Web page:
Shannon and I graduated from the same creative writing program, and for various reasons, we each let life lead us down a different path. I got a Super Serious job at a law firm and she moved to Florida and started a family. During the few years after college, we both dabbled with writing blogs and trying to still be creative while leading lives filled with other obligations. Mine didn’t amount to much, but she gained some success, and had built a following of other like-minded creative moms. While she no longer continues that blog, she is now an ambitious student at SVA’s graduate program in Visual Narrative. She showed me her works in progress, and I read her stories while we lounged in her adorable AirBNB apartment. I would be lying if I said I wasn’t slightly jealous of the life she was living – however temporary it may be.
I am the type of person who loses interest in something if I discover I am no good at it. It is what separates a hobbyist from an artist – I hate to practice. I like to pick something up, be brilliant, and wow the crowd. (It does not happen often, if you are wondering.) False starts on short stories, novels, art projects, sewing projects, …. you name it, I’ve tried it, and given up. If I can’t be absolutely EXECLLENT, I don’t want to waste my time. It makes me sad to think of all the projects I’ve started that had potential, if only I’d put in the work. I am incapable of being proud of something that isn’t perfect.
Anyway, that Saturday we visited the Met Bruer to see the Diane Arbus exhibit, and as we wove through the columns of photos, Shannon geeked out over one of her favorite artists. Later, we stopped into an independent book store in Fort Greene, and she picked up books left and right to tell me why it was an amazing, influential work. She commented, when I had little to offer, “You don’t read much anymore, do you?”. It struck me that the voracious appetite I once had was still there lingering within me, but somehow something I had learned to justify ignoring. I have a habit of buying books in a moment of pure excitement and inspiration and then putting them on the shelf to continue on my daily life. It is not how I used to be, but without anyone around who knew the old me and call me back to it, I let it slide.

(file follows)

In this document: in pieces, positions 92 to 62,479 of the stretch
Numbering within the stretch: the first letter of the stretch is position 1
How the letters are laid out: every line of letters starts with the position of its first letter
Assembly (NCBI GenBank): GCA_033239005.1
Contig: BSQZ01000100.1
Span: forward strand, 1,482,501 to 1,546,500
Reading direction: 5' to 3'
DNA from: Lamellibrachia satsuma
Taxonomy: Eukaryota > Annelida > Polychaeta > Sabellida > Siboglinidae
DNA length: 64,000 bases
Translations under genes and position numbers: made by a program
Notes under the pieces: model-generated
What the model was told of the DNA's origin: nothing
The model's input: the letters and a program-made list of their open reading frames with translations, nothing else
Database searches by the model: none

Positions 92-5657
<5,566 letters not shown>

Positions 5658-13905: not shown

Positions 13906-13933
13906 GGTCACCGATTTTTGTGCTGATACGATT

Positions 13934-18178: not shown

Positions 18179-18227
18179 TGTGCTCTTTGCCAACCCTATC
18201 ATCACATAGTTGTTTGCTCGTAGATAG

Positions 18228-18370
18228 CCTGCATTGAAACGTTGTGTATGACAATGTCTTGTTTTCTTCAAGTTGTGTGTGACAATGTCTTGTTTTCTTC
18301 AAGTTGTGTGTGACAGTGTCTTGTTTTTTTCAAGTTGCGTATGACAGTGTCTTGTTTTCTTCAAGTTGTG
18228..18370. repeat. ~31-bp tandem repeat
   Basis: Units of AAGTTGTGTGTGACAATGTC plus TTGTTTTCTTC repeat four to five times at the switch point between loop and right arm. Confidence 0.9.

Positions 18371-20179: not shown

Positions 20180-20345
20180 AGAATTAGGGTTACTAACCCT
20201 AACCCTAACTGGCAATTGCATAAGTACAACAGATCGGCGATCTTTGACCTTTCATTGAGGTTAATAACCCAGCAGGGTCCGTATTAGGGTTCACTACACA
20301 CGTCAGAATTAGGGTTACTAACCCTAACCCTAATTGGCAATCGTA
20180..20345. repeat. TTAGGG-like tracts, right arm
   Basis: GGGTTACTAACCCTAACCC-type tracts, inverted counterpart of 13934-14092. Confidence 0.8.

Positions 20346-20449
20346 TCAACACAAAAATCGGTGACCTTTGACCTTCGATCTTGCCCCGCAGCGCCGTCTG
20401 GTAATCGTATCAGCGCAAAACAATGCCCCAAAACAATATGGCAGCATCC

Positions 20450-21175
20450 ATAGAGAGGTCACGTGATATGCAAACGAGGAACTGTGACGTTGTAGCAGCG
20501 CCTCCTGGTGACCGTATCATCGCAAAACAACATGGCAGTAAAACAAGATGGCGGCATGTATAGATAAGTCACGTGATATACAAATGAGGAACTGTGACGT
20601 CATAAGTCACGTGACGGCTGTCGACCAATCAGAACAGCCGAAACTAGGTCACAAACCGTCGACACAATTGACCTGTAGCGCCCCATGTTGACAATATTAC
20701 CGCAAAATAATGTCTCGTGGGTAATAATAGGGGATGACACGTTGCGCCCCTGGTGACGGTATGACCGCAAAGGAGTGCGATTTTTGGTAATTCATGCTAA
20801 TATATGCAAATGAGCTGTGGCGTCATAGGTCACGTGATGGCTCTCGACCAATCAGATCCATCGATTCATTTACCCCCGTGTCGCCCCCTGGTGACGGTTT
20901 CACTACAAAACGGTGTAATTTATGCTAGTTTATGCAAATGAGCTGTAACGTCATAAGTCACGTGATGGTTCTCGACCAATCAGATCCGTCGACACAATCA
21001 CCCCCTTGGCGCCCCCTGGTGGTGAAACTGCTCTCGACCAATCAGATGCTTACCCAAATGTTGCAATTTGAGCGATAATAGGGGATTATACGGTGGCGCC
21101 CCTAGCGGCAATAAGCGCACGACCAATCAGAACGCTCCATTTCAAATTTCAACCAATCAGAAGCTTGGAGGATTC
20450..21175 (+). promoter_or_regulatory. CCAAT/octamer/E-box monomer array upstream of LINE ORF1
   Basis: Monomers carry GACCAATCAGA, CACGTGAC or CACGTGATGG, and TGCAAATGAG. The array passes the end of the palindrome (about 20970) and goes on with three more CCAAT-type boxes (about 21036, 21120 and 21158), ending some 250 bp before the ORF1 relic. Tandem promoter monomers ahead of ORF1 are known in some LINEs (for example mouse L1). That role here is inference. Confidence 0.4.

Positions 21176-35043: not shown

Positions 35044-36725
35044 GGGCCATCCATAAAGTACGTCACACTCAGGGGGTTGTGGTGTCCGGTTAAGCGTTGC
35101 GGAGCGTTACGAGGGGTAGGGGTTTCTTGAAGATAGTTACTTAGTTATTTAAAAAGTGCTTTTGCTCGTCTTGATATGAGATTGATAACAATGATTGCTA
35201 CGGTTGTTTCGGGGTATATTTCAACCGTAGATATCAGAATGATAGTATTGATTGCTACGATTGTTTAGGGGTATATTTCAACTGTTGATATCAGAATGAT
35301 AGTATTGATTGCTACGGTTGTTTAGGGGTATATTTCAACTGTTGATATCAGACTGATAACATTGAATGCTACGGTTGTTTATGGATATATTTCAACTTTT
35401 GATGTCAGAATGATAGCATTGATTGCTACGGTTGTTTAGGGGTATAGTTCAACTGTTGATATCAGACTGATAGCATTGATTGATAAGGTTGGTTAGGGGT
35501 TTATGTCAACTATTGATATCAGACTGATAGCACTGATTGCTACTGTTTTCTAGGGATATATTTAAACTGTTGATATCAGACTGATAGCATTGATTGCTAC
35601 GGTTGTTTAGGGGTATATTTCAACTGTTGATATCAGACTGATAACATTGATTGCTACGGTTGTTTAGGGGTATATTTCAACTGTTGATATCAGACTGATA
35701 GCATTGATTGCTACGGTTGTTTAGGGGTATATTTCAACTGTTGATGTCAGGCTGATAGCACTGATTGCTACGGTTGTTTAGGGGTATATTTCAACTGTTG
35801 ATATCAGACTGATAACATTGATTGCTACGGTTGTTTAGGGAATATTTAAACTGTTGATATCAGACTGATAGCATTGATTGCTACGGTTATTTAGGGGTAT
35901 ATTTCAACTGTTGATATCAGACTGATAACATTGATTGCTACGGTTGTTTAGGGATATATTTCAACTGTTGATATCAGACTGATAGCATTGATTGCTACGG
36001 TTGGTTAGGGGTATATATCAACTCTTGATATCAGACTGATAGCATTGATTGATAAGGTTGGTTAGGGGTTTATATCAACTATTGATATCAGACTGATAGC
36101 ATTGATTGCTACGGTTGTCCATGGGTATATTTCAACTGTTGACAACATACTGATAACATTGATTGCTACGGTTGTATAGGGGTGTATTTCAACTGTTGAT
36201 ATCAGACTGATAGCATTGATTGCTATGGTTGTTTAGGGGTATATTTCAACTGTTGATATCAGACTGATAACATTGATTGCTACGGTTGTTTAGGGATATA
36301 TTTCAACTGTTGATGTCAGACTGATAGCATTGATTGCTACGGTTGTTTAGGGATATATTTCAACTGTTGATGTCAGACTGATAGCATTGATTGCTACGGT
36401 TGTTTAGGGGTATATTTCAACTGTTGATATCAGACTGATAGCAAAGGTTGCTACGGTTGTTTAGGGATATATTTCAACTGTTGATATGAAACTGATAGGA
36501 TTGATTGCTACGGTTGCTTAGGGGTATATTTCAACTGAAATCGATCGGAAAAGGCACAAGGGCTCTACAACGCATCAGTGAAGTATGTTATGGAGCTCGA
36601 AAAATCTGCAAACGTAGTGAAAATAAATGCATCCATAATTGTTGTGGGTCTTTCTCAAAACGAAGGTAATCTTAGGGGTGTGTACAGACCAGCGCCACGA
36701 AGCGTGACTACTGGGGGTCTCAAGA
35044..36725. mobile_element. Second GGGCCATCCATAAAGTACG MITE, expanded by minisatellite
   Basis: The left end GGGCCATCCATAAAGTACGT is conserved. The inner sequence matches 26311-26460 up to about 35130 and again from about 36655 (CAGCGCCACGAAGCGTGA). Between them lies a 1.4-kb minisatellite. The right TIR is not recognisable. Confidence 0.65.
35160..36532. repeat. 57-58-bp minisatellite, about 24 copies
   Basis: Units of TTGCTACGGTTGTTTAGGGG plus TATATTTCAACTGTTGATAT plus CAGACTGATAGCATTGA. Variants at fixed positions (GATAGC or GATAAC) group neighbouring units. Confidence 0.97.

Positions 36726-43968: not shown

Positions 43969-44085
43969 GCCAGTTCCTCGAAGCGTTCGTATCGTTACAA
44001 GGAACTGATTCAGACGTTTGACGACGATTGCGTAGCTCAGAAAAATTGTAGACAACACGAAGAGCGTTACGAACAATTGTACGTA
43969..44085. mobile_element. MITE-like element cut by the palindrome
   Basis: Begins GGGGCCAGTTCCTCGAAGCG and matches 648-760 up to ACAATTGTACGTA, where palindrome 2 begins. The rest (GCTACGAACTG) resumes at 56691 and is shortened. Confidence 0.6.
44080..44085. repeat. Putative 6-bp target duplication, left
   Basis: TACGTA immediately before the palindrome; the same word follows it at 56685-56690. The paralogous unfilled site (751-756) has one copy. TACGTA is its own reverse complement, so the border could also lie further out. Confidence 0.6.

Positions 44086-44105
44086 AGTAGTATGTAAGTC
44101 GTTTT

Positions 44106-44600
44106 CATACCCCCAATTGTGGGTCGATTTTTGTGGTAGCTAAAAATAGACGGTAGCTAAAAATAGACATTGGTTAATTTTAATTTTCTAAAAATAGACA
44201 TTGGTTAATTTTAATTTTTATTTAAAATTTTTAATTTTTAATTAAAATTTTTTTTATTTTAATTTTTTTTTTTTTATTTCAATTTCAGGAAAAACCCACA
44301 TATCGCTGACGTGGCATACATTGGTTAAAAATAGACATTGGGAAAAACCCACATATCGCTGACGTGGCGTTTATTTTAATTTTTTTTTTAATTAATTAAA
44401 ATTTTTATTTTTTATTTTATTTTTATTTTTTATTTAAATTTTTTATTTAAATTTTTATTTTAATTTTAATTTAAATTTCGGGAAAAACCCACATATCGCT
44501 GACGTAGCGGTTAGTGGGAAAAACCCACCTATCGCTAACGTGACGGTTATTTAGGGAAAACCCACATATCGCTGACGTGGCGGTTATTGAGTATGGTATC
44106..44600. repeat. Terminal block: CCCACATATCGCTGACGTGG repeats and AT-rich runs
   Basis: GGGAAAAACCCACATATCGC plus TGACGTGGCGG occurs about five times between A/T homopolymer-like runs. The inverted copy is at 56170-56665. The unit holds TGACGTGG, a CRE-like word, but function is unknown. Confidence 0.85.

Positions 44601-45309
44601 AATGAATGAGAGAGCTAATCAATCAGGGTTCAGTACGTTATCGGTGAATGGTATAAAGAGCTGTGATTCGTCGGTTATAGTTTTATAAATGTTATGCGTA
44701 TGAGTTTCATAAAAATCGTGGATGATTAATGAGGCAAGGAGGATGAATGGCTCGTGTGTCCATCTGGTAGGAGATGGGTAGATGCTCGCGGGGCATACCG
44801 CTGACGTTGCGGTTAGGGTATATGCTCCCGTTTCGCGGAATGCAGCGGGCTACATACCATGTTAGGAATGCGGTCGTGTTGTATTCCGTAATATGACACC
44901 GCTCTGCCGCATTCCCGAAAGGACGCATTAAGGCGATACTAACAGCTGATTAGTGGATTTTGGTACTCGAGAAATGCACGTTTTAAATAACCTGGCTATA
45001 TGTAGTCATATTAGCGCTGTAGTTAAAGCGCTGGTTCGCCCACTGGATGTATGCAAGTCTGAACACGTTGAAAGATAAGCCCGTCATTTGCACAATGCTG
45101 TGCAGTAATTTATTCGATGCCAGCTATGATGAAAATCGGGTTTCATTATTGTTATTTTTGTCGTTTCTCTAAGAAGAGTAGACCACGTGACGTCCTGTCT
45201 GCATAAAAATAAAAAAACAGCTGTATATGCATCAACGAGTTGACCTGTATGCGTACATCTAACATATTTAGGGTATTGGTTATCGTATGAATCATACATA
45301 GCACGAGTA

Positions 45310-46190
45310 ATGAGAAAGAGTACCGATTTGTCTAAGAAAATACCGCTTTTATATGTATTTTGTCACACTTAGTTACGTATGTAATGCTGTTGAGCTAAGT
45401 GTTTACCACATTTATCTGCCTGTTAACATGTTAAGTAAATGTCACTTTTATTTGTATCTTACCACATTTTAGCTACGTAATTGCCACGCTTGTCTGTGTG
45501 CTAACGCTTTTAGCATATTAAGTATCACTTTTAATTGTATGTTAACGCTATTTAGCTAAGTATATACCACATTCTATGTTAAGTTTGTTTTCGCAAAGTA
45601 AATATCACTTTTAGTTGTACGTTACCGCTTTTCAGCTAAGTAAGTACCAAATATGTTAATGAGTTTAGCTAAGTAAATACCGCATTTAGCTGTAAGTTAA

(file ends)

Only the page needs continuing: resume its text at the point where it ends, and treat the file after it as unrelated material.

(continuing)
Sometimes it takes visiting an old friend to make you realize that you’re still the same person you thought you were, and that the things that used to be important still very much matter. That part of me was lying dormant, or maybe just needed coaxing to come alive again. I think that’s ok. I’m not that old, but I’ve lived many different lives that all seem so disjointed at times. Like a series of disconnected phases – states of being that come with their own cast of characters. That weekend I got to reconnect with the Art-School-Writer version of myself and it was wonderful to see her again. I often recall Super-Stressed-Paralegal me, as well as Super-Stressed-Grad-School me, because the people from those phases in my life are still around. It was a treat to visit Shannon in New York, and see the art she is making, and be reminded that I used to (and maybe still do, to a certain degree) have a certain number of undefined creative aspirations.
I don’t hold on to many people, but the ones I do are the ones who matter to me. I’m holding on to them, and also to the person they bring out in me. Maybe it’s selfish, but it takes two to make a friendship, and so who I am when I’m with a person determines if I want to remain in the relationship. It’s been hard as I get older, making conscious decisions to walk away from friends if I don’t feel good about my role when I’m with them. But I don’t intend it to hurt. It’s more like shedding a skin so that I can keep growing.
New York is like that, too. Every time I visit, I’m filled with emotions that confuse me and make me feel bad. But whether I like it or not, my past lives there, and so I will continue to return. I will need to learn to remember the things I used to do and the dreams I used to have without feeling sad.
This past weekend, I went to New York to visit my friend Shannon, who is staying in Brooklyn for the summer. Normally visits “home” fill me with all sorts of guilt and sadness.
My parents live in New Jersey in the home I grew up in, so obviously I see them. They get very insulted if I do not spend at least one night with them at their house, even if it makes the rest of my plans inconvenient. My mom insists on picking me up from the airport, which is another source of guilt – especially when my flights are already scheduled for late evening, and then get delayed. But there she is, every time, with snacks waiting for me in the front seat.
Because I grew up just outside of the city, and went to college there, I have an army of friends (loose terminology here) past and present, and it is impossible to see them all when I come to town. I have been trying to make plans with some friends for years. I had one friend who I just never made time for, and when she died in an accident, I was overcome with guilt that I never saw her one last time. Maybe that’s a story for another day. The point is, I always feel like I am letting someone down. Even if that someone is a high school friend I’ve lost touch with and who only happened to find out I was in town by random chance. I know that I’m the one that moved away, but it’s exhausting to be the person bearing the sole responsibility to make the rounds. When I was planning my wedding, I crossed people off the list if they had never made the effort to visit me in Chicago since I’ve been here. It felt bad. It felt good. But ten years is a long time, and planes fly in both directions.